Jake and Dinos Chapman’s Hitler Golf Art Offends [Updated]

chapman hitler Jake and Dinos Chapmans Hitler Golf Art Offends [Updated]

‘Doug Fishbone & Friends: Adventureland Golf.’ (Courtesy Grundy Art Gallery)

Jake and Dinos Chapman, the British sibling art duo who have made a name for themselves creating offensive artwork have done it again. For their contribution to the Grundy Art Gallery’s exhibition “Doug Fishbone and Friends: Adventureland Golf,” they created a statue of Adolf Hitler as a golf ornament that raises its arm in salute when a ball goes through it.

According to BBC News, a British Jewish organization is not happy with the work. Michael Samuels of the Board of Deputies of British Jews said the work “had absolutely no artistic value whatsoever.” Gallery curator Stuart Tulloch responded that the work was an opportunity to “ridicule” Hitler.

The exhibition is designed as a wacky indoor golf course, where each of the nine holes has been designed by a UK artist. David Shrigley, Gary Webb, Pete Fowler and Doug Fishbone are some of the other artists involved. And the works make a range of statements about politics, life and death, as well as “cheeky and fun challenges.”

We’re not sure what kind of statement the Hitler statue was intended to make, but knowing the Chapman brothers’ other work, it was probably intended to be both cheeky and serious. The brothers first came to popular attention with Disasters of War, a sculptural diorama of plastic mannequins re-creating scenes from a series of Goya’s Disasters of War etchings. For their 1999 work Hell, they presented a large tabletop tableau of more than 30,000 2-inch-high figurines, many in Nazi uniform, performing odious acts of cruelty.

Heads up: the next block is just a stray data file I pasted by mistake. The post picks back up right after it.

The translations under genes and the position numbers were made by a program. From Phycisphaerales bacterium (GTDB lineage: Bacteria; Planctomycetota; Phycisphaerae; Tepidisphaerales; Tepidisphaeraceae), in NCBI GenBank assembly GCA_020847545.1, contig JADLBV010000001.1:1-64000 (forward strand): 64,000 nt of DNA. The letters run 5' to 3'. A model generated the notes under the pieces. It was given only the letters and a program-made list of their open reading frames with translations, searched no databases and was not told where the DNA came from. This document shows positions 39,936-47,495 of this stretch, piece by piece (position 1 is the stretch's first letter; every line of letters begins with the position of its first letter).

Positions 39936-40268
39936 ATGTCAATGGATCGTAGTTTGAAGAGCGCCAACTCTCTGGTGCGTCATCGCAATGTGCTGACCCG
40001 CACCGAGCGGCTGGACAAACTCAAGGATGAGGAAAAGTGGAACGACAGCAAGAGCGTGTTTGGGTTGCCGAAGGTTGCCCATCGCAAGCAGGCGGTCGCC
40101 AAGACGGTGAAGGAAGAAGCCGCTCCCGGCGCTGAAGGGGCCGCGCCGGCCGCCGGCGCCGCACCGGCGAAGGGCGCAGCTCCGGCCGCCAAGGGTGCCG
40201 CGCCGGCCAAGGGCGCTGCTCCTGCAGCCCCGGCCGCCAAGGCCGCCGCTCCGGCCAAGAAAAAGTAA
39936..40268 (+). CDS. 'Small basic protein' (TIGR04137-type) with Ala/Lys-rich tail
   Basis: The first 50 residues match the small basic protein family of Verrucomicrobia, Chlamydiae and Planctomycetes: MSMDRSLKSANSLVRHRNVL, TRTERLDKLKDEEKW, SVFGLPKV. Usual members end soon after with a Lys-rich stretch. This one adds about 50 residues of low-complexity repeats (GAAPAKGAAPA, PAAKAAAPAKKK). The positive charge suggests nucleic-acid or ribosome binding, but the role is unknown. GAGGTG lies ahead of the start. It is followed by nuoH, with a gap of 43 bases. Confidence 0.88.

But odious acts of cruelty aside, this is not the first time that the Chapman brothers have used Hitler as subject matter. Their 2008 show at White Cube gallery in London, “If Hitler Had Been a Hippy How Happy Would We Be,” presented 13 watercolors purportedly painted by Adolf Hitler, which the Chapman brothers “prettified” by adding hippy motifs. And they’ll be offering mugs and tea towels named after that exhibition on their website.

Update, Wednesday, August 15, 10 a.m.: In response to a query about the controversy over the statue by Jake and Dinos Chapman in exhibition at the Grundy Art Gallery in Blackpool, Adam Ogden of Blackpool Council said to Gallerist in an email:

“Before the exhibition was installed we consulted with the local veterans committee, who felt that this was history which needed to be public so that people could learn about it, and wished us the best of luck for the exhibition. We’ve had a really positive reaction from people who have been to visit the exhibition, and despite what some UK papers have said, we haven’t had any complaints from visitors.”

And in response to some of the Jewish communities in England who have commented on it, Blackpool Council issued the following statement:

Cllr Graham Cain, Cabinet Member for Tourism and Culture, said: ‘Since the exhibition opened on Saturday we’ve had a really positive response and lots of people trying out the adventure golf course.

‘Adventureland Golf won’t appeal to everyone and we understand and respect that.’